Within the topical area of carbon nanomaterials, we focus on low-dimensional graphene related nanostructures such as molecular nanographenes (0D), carbon nanotubes and nanoribbons (1D), as well as low-dimensional polymeric systems (1D/2D). Particular emphasis is placed on the engineering of electronic properties, which is achieved by the development of synthetic protocols that allow for the fabrication of specific, atomically precise nanomaterials. We have a strong focus on the fabrication and characterization of carbon nanomaterials that host unpaired interacting spins and which can thus be considered as nanoscale qubits. Within a transversal research project, we aim at developing a carbon-based nanomaterials platform for next-generation quantum technology applications.
Within the topic functional surfaces we strive at understanding and controlling the atomic and electronic surface structure of complex materials in order to achieve specific functionalities. In one line of research, we investigate the physico-chemical properties of intermetallic compounds that promise higher selectivity in heterogeneous catalysis. On the other hand, we are also interested in self-assembled supramolecular nanostructures at solid surfaces or layered organic-insulator-metal hybrid structures which bear potential for nanoelectronic device function.
In the research theme 2D Quantum Materials we use defect engineering to embed functional quantum systems in the 2D matrix and tune their electronic, spin and optical degrees of freedom. We are developing new experimental techniques that achieve simultaneous atomic spatial and sub-picosecond time resolution, pushing a new research frontier in quantum nanoscience. Together with our academic and industrial research partners, we aim to develop a deep understanding of these tightly confined many-body electron systems, enabling their integration in emerging quantum technologies.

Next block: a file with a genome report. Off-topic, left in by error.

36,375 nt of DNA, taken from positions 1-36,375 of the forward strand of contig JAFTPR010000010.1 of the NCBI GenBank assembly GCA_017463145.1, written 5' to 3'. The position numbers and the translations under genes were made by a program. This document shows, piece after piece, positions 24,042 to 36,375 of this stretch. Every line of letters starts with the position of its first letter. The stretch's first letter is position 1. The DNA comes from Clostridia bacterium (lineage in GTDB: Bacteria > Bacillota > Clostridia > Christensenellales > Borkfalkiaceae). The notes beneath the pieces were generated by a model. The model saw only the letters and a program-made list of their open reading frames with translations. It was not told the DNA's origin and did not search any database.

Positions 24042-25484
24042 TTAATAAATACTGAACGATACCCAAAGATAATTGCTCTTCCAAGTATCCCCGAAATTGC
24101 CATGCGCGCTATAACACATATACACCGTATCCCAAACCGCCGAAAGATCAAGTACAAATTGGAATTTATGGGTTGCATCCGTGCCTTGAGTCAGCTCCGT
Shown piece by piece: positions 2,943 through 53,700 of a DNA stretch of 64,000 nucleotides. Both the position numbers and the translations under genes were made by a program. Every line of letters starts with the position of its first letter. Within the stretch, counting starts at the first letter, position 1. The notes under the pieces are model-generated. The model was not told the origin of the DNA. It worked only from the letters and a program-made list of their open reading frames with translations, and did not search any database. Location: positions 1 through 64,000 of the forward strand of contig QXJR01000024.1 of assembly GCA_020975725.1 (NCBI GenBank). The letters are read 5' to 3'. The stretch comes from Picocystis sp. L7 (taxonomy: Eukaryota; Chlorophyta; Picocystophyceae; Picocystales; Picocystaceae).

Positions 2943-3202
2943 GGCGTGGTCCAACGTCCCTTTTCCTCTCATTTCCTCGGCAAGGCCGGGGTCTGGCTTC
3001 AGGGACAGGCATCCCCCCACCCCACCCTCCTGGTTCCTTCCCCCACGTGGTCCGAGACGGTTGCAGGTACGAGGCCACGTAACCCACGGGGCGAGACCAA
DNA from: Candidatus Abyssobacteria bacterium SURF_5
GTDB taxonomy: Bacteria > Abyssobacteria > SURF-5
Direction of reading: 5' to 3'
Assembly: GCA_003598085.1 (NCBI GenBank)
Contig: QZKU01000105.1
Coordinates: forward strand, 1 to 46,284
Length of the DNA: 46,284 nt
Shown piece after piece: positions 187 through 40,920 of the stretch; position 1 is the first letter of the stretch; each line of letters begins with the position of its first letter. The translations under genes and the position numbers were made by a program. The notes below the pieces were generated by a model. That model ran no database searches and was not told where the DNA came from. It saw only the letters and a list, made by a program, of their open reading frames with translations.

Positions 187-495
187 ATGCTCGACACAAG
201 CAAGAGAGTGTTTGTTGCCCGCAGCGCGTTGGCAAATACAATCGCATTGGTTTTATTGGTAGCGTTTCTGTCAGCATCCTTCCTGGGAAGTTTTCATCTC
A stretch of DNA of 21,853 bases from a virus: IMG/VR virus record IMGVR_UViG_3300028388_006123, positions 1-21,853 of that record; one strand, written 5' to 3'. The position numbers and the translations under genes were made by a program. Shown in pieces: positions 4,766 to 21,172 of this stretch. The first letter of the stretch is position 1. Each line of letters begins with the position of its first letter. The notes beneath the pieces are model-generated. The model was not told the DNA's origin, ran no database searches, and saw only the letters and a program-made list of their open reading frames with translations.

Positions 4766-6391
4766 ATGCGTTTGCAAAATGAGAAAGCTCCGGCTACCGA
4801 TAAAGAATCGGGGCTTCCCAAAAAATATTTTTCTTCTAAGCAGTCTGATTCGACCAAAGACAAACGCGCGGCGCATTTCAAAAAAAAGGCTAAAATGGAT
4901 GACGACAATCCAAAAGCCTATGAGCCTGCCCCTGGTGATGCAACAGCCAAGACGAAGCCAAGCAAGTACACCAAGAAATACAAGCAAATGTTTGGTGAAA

Under the Materials to Devices theme, we aim to integrate atomically precise carbon nanomaterials into functional devices. We develop techniques and tools to accelerate the growth, characterization, and transfer of carbon nanomaterials from their growth substrate to device platforms while maintaining their structural and electronic properties. The Materials to Devices research line provides the foundation for our technology transfer activities and strategically combines the nanotech@surfaces laboratory's expertise in on-surface synthesis of carbon nanomaterials with that of our various device-oriented partners working on nanoscale electronics.
We are convinced that the complexity of today’s scientific and technological challenges asks for integrative approaches, for looking at a given problem from different perspectives, for tackling scientific questions using a wide range of complementary methods. Therefore, all our research topics are approached not only using various Experimental Methods, but also a wide range of atomistic simulations. We employ both the most advanced methods aimed at characterizing the energetics and kinetics of surface reactions and the most recent extensions to density functional theory to faithfully describe the electronic and transport properties at the nanoscale.